Questions about Clipping

I have gotten into “Mojo” (akak "Mobile Journalism) using my iPhone and interviewing people out in the field.

I have a decent tripod, external shotgun microphone that mounts on my iPhone rig, lights, and so on.

I record audio from my shotgun mic into a Zoom H6.

From the tiny bit I know about recording Internet radio streams online - as per my other trhead - and then editing things in Audacity, clipping is supposed to be “evil”.

However, when I am interviewing people outside (or technically inside), I would like to know…

1.) Is it that big of a deal if I set the gain on my H6 so that occassionally things clip?

2.) Is it a big deal in post-production if I “amp things up” - not sure what the proper audio term is - so that there is occassional clipping?

Why would I want to allow clipping?

Well, if I record with a Gain=7 on my H6, it seems that the audio in my tests stays between -18dB and -12dB, but when I bring it into Audacity, the amplitude - not sure of the proper audi term - is pretty low.

If I record at Gain=8, things sound better, but there may occassiob=nally be clipping.

Likewise, if I record at Gain=7 and then I amp things up in Audacity - but purposely amp things up so that slight clipping occurs - then things sound much better than if I just use the suggested “Amplification” suggested by Audacity.

Hope that makes sense?

The first real-life interview I had a few weeks ago suffered because the audio was too low, and when I tried to amp it up, I got too much distortion.

That being said, i am tempted to turn up the Gain=8 so that I get a stronger singal to start with, and it seems to me that unless a person goes from whispering to shouting, an occassional clip isn’t a problem.

And when I tested out my new tripod and rig tonight at home, the few times I had clippinb (visually) in Audacity, there was no way you could hear that clipping, which is sorta what I am hinting at above - that is, maybe clipping is over-rated??

Thoughts so I can get better field recordings??

I don’t think your field recordings are the problem. The problem is post production editing where you need a way to increase the volume of the voice without damaging it.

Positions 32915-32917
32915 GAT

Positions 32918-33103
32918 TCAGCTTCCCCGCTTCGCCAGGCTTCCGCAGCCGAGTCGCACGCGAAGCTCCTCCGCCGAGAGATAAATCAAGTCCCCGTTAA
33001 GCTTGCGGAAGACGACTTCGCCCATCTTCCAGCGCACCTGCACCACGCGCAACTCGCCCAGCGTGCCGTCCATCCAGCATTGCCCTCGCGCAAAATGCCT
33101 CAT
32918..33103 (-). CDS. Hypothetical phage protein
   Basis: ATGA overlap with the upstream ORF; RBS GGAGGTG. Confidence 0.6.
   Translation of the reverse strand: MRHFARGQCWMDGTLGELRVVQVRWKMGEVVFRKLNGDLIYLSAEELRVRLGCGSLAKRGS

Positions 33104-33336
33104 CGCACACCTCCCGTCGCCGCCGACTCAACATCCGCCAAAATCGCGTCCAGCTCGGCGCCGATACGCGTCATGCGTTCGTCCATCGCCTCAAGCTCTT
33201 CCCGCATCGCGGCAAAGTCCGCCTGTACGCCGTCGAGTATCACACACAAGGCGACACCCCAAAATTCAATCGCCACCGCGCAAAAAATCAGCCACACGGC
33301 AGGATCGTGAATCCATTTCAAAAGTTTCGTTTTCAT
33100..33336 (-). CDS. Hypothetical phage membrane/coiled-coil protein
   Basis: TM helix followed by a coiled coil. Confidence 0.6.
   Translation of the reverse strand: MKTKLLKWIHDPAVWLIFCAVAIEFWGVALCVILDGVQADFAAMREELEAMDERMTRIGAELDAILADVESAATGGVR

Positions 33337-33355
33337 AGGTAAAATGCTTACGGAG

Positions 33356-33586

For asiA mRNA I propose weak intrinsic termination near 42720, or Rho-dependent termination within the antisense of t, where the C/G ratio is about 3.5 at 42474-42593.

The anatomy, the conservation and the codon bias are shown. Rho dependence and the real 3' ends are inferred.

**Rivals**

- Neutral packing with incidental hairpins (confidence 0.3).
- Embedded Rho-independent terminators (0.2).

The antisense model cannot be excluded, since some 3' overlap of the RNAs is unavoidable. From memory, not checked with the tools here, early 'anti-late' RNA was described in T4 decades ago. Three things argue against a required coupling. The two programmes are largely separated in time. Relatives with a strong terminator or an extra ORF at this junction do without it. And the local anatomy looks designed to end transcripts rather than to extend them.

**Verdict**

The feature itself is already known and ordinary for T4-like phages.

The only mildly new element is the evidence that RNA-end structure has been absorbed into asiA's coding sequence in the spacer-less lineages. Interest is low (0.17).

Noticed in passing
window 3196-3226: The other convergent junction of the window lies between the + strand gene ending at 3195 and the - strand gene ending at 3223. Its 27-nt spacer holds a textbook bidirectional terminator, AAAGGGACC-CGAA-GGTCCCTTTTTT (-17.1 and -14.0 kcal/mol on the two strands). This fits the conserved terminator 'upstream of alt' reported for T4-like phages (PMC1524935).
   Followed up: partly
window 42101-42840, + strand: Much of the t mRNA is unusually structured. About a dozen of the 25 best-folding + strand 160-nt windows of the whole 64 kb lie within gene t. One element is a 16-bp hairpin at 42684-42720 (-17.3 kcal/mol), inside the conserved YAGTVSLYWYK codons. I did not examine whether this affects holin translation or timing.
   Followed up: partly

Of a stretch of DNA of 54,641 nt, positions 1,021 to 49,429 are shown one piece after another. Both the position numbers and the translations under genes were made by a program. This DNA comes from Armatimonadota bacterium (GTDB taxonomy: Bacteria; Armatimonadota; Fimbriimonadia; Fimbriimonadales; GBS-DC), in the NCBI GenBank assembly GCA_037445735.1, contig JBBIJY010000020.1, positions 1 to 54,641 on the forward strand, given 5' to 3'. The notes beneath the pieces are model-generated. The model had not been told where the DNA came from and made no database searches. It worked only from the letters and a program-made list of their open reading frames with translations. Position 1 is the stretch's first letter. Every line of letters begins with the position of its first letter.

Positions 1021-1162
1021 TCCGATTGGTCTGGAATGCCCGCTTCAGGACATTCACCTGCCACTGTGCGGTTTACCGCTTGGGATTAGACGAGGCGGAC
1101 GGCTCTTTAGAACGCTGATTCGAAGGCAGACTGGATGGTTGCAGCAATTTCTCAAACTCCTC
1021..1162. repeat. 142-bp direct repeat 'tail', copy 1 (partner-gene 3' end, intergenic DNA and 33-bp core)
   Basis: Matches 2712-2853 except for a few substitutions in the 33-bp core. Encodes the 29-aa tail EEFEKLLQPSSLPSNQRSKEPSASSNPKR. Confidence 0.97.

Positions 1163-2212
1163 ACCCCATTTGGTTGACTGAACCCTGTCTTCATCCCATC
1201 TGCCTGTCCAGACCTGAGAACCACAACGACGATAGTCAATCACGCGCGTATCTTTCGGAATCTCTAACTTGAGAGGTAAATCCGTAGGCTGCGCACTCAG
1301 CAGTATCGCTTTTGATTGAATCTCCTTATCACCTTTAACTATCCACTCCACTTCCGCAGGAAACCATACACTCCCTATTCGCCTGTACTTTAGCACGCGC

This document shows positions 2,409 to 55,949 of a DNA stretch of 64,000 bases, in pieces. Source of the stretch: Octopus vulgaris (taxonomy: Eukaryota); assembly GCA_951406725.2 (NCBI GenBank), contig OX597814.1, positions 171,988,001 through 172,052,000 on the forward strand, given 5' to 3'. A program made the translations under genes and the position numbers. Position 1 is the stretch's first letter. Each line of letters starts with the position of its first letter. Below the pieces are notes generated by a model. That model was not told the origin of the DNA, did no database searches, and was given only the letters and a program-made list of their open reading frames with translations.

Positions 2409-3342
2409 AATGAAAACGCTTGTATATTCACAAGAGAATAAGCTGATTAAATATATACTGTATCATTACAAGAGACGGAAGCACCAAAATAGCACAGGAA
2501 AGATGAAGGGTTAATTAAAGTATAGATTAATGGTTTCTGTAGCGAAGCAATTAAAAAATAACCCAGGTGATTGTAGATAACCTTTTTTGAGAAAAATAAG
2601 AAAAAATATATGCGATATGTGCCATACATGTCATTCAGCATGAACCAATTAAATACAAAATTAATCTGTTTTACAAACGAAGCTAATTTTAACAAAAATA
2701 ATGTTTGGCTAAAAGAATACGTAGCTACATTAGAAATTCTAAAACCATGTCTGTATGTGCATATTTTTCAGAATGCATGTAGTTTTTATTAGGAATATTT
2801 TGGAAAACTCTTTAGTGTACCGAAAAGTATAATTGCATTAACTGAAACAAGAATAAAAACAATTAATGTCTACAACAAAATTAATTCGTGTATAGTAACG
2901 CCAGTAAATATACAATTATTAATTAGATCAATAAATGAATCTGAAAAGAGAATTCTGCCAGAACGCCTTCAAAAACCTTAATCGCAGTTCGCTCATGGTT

Clipping represents a sound event where the recorder stopped following the show. It’s simple as that. You can’t “filter clipping out” because there is no show back there. It’s trash the recording system made up while it was losing its mind and blowing spit bubbles.

Does this sound like something you want in your show?

Do you have mono WAV versions of one of your low volume “clean” presentations? One blue wave? If so, cut a 20 second chunk of it, Export Selected Audio > WAV, and post it on the forum. Scroll down from a forum text window > Attachments > Add Files. If at all possible, include a place where they pause for a second without gasping or making noises.

Field recording is not for the easily frightened.


Not following you.

In my OP I mentioned two separate scenarios…

In one case, I don’t think I had the gain high enough, and when I amped up the recording in Audacity, it not only raised the speakers volume but amped up a lot of background sound and harmonic distortion (?) and make the new results louder, but sounding worse than the faint original.

In the second scenario, tonight I was testing out my new tripod and rig and when I did tests at various distances from the shotgun mic and at various gains, it seemed to me that it was better to run things maybe at Gain=8 than Gain=7, but I’m not sure if you are supposed to record LOW and then edit things up HIGH, or if you should record at a higher gain and then leave things as is in editing.

Follow me?

What do you mean?

What “show”?

Not following your use of the term “show”… There is “no show there”?

Huh? Why is the system “losing its mind”?

When I recorded tonight - and I forget if the gain was 7 or 8 - there was one small sliver in the Audacity file that went up to the top of the scale. But when I listened to my voice speaking, I couldn’t hear it - as opposed to if I turn up the volume too much on a radio show and I clip a whole bunch, then I can clearly hear that.

My point being that the human voice seems more prone to clipping for a nanosecond because of how we speak, and tonight that didn’t seem to cause much of an issue.

So if my 60 second recording was around 0.5 on the volume scale in Audacity - not sure what that is caleld - and I had a split second that was clipped at 1.0, then I would still like to amp things up to maybe 0.8 on the volume scaling in editing so you can hear 99% of the recording at a higher volume, understanding that that 1% clipped in recording and so that was lost anyways.

If I just try to increase the volume of the track, Audacity sees the split-second clipping going to 1.0, and so it want amp up the rest fo the track which is too low volume.

So how do you balance all of that?



Let me try and find a sample…

Well, this is for a startup business and it is my passion, so I’m up to the challenge if you gurus are will to teach me some!


We can’t help if there are too many problems at the same time. Sometimes the description in the post isn’t enough and it’s good to actually listen to the recording. That’s what we need now.


Any problematic interviews I have are actually .MOV files from my iPhone.

I did it once, but don’t recall how to properly separate the audio files from the video, and I head out tonight to go back out in the field.

As I shoot new video, let me see BOTH how to separate the audio from the video so I can post it here, AND of course I can just straight up post audio files from my Zoom H6 here as I start recording with that too - which is supposed to be my main audio source moving forward.

All I was asking in my OP is whether it is better to record out in the field with the gain possible a notch too low, and then amp it up later in Audacity, OR if it it better to possibly have the gain a notch too high out in the field - knowing you might occassionally clip - but ending up with an audio file where the volume is at a more usable level as-is, and is easier to massage in Audacity because you don’t have to crank up the volume a bunch.